New high school principal center at U. of Chicago will focus on data

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Principal training took a new turn in Chicago this week when the Chicago Public Schools entered into a partnership with the University of Chicago’s School of Social Service Administration (SSA) to create a center to help existing high school principals make sense of data and prepare new ones for the task.

 

Principal training took a new turn in Chicago this week when the Chicago Public Schools entered into a partnership with the University of Chicago’s School of Social Service Administration (SSA) to create a center to help existing high school principals make sense of data and prepare new ones for the task.

The Board of Education chipped in $1.1 million for the new Chicago Center for High School Leadership, and center leaders are asking foundations for another $245,000.

The idea for the center has been kicking around for a while but found fertile ground in the administration of new CEO Ron Huberman, whose mantra is performance management. In fact, the agreement promises performance management outcomes, including, over the long term, “transforming schools into places of learning and high achievement of students, faculty and staff.” Specifically, the agreement says the work will result in more freshmen finishing the year on track to graduate on time and, ultimately, higher graduation rates.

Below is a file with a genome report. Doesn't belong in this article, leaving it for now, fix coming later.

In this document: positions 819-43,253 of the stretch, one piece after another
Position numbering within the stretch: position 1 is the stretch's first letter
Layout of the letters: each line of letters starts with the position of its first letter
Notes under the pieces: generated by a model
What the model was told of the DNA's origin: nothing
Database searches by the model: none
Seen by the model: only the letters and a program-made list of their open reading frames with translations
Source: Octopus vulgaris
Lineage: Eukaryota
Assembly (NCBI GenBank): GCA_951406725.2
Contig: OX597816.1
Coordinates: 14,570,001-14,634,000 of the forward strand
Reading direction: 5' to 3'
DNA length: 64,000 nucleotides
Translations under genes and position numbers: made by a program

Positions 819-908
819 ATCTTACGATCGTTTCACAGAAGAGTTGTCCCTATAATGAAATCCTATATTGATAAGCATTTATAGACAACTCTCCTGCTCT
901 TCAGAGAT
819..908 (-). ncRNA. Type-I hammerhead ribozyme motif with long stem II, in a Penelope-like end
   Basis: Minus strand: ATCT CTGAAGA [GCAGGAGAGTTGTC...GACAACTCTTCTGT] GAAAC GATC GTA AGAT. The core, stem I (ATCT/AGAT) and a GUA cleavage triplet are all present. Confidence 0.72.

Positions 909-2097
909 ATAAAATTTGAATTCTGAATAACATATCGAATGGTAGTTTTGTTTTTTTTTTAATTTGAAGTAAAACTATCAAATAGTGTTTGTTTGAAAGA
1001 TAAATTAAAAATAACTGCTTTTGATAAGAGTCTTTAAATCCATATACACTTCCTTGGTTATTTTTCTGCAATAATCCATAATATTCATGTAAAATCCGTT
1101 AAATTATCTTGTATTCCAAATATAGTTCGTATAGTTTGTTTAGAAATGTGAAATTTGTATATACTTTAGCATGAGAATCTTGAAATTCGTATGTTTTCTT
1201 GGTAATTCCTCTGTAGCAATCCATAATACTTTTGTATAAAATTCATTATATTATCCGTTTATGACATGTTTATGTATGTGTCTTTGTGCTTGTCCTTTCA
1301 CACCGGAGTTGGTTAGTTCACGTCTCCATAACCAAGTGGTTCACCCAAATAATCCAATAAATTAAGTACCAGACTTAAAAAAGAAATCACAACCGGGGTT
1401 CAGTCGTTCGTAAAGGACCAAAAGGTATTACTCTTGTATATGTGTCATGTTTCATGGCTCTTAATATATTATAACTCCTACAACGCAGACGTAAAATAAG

The center will build on the work of the SSAS-based Network for College Success, which for the past two years, has provided professional development to 10 high school principals.

In the center’s first year, it will engage four additional principals. Each year, another four or five will be added.

Melissa Roderick, an SSA faculty member and co-director of the Consortium on Chicago School Research, will provide detailed data on the schools and help principals understand them. Roderick did a stint as the CPS planning director under former CEO Arne Duncan.

The center then will work with principals to help them create effective instructional leadership teams within their schools, says Mary Ann Pitcher, who has directed the Network for College Success and will lead the expanded project. Pitcher also was a founding director of the Young Women’s Leadership Charter School.

In addition to supporting and developing existing principals, the center will have a fellowship program for aspiring high school principals. The fellows will do 12-month internships in high schools and take classes to learn about effective high school reforms.

Pitcher acknowledged that elementary school principals need some of the same supports. However, the center will focus on high schools because they are so complicated that it can be hard for principals to figure out how to make improvements. “We often say that high schools are like small towns, and the principals of them are like mayors,” she says.